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APR
10

The rise of Section 22 POCA 2002 – What you need to know.

Introduction

1. Section 22 of the Proceeds of Crime Act allows the prosecution to ask the court to reconsider the available amount where a confiscation order has previously been made and the available amount was lower than the benefit amount. This section has been increasingly used in the last year by various police forces in an effort to enforce a larger part of their confiscation orders. In an environment of severely tightened belts, s.22 can be seen by some in law enforcement as a good way to increase funding for their unit. It is not surprising given the reductions in both charging decisions and prosecutions that there are less POCA cases now before the courts which means that there are less orders now being made and enforced.

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AUG
14

Fca shows its prosecution teeth, after many years.

Written by Siobhain Egan, Director (non-exec) 

The FCA  Annual  Report and accounts  201 7/18  makes an interesting read, and two of the subreports – ENFORCEMENT ANNUAL PERFORMANCE REPORT and the ANTI – MONEY LAUNDERING REPORT are especially important.

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FEB
21

New Corporate Offence of Failure to Prevent Facilitation of Tax Evasion

On 30 September 2017 the UK introduced new offences targeting legal and partnership entities that fail to prevent facilitation of criminal tax evasion by persons working for that company or acting on its behalf. The law regarding tax evasion remains unchanged; however, the scope of persons who can fall foul of currently existing rules has been considerably broadened. The burden has been firmly placed on companies and partnerships operating in the UK, even if headquartered overseas, to provide evidence that they have enacted satisfactorily robust procedures to prevent facilitation.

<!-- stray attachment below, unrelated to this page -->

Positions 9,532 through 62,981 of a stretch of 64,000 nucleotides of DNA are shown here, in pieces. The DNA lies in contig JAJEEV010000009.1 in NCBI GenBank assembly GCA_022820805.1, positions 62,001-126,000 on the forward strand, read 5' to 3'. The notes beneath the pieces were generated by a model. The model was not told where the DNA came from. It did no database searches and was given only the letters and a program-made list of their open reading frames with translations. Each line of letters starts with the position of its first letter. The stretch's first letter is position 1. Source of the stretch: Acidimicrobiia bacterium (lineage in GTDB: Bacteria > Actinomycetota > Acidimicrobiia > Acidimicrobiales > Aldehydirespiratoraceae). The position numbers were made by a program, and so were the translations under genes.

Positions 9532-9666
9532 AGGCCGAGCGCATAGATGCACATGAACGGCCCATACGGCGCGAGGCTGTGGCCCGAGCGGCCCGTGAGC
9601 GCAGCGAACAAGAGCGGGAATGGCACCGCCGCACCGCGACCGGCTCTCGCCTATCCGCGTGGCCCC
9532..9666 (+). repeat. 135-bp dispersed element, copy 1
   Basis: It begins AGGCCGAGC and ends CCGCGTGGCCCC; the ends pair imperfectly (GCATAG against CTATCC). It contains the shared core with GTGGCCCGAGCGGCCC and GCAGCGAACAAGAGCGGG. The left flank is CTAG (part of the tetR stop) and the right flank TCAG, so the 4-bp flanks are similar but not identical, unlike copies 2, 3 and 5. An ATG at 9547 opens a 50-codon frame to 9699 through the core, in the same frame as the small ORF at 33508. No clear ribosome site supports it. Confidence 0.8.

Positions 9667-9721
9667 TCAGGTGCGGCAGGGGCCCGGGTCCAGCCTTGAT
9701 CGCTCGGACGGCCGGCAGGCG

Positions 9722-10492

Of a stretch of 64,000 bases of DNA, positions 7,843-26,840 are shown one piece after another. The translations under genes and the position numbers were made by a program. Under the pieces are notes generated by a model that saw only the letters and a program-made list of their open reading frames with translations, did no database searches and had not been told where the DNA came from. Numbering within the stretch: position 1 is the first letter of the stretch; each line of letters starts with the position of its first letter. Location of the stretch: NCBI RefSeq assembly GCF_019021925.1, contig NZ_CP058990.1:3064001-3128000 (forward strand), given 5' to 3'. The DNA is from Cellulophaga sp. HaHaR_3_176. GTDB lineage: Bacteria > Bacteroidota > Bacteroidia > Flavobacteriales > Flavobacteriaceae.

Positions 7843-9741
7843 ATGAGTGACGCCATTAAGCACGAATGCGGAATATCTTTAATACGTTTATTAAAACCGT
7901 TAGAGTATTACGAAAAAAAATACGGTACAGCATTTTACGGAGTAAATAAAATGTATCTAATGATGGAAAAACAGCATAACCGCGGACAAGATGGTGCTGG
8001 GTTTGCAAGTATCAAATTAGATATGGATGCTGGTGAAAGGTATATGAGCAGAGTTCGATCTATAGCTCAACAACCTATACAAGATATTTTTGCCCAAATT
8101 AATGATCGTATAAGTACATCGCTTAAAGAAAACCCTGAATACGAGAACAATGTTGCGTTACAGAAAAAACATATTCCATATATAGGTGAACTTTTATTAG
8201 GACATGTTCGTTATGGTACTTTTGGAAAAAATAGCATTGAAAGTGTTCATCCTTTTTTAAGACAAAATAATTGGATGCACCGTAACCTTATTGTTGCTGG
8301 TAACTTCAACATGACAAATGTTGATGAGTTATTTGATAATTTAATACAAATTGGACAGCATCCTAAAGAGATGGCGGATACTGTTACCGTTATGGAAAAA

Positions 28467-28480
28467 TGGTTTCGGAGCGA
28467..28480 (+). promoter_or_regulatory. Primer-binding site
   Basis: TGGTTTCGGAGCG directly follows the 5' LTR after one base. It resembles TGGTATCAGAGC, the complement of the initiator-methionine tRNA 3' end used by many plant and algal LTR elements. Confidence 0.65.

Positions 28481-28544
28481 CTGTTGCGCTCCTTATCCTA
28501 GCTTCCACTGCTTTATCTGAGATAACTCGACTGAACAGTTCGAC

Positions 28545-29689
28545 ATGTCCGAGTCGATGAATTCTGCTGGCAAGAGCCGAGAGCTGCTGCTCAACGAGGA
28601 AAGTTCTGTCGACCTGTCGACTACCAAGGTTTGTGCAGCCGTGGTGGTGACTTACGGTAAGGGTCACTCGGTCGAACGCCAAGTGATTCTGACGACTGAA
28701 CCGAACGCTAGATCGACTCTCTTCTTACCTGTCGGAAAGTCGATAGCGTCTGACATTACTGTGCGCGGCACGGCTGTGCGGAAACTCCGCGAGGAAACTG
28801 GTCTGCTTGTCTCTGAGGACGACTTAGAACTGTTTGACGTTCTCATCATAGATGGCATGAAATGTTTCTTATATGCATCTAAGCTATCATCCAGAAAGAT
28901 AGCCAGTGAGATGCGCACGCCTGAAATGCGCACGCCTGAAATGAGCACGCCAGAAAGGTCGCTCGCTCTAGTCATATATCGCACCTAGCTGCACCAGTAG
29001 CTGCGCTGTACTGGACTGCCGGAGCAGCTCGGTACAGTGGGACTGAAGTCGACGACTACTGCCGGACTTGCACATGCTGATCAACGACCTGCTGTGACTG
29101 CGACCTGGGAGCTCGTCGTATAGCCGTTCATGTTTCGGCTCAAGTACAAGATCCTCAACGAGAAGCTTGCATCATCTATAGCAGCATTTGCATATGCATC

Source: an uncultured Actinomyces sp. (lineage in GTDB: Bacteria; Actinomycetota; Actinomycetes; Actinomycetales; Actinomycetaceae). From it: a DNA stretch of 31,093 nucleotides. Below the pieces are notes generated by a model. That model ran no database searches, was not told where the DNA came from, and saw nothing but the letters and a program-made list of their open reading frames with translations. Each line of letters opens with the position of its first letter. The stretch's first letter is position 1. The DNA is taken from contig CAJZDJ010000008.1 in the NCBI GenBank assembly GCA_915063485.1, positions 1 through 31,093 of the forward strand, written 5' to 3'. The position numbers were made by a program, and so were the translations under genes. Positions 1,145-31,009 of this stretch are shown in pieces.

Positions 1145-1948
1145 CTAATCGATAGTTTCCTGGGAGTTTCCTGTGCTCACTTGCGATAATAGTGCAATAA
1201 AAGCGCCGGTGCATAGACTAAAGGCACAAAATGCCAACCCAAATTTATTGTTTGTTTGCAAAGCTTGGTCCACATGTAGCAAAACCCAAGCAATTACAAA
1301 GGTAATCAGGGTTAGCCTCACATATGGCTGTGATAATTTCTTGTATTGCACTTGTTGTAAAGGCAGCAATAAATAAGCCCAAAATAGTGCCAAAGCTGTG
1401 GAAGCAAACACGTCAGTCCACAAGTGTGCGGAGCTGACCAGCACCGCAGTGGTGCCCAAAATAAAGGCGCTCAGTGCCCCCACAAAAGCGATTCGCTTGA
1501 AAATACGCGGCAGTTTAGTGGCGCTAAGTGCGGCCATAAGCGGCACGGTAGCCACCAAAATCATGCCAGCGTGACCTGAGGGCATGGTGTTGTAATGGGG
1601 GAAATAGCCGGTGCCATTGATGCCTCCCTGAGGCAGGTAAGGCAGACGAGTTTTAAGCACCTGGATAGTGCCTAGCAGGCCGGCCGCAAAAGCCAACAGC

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FEB
21

Recent Global Regulatory Responses to Financial Crime

In the ten years since the 2008 financial crisis, the reaction of global regulatory bodies has been swift to shield consumers and investors from further harm. The most prolific enforcers have been US-based, comprising nearly 80% of the $26 billion worth of fines imposed for market abuse on both US and international entities in equal measure. Over the previous five years, 28 custodial sentences have been handed down in criminal courts worldwide.

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JAN
09

Bitcoin Database to Tackle Fraud

As part of a large-scale crackdown on cryptocurrencies, the European Union is considering a database of Bitcoin owners in Europe under laws designed to fight money laundering and terrorism. The database will be a central hub of information on the individuals who use the online exchanges where Bitcoin is marketed. The proposal follows fears that the anonymity enjoyed by Bitcoin investors is being used to finance criminality and evade taxation. With the total value of all cryptocurrencies in circulation now over $600bn, there is a strong argument for regulation and tighter control.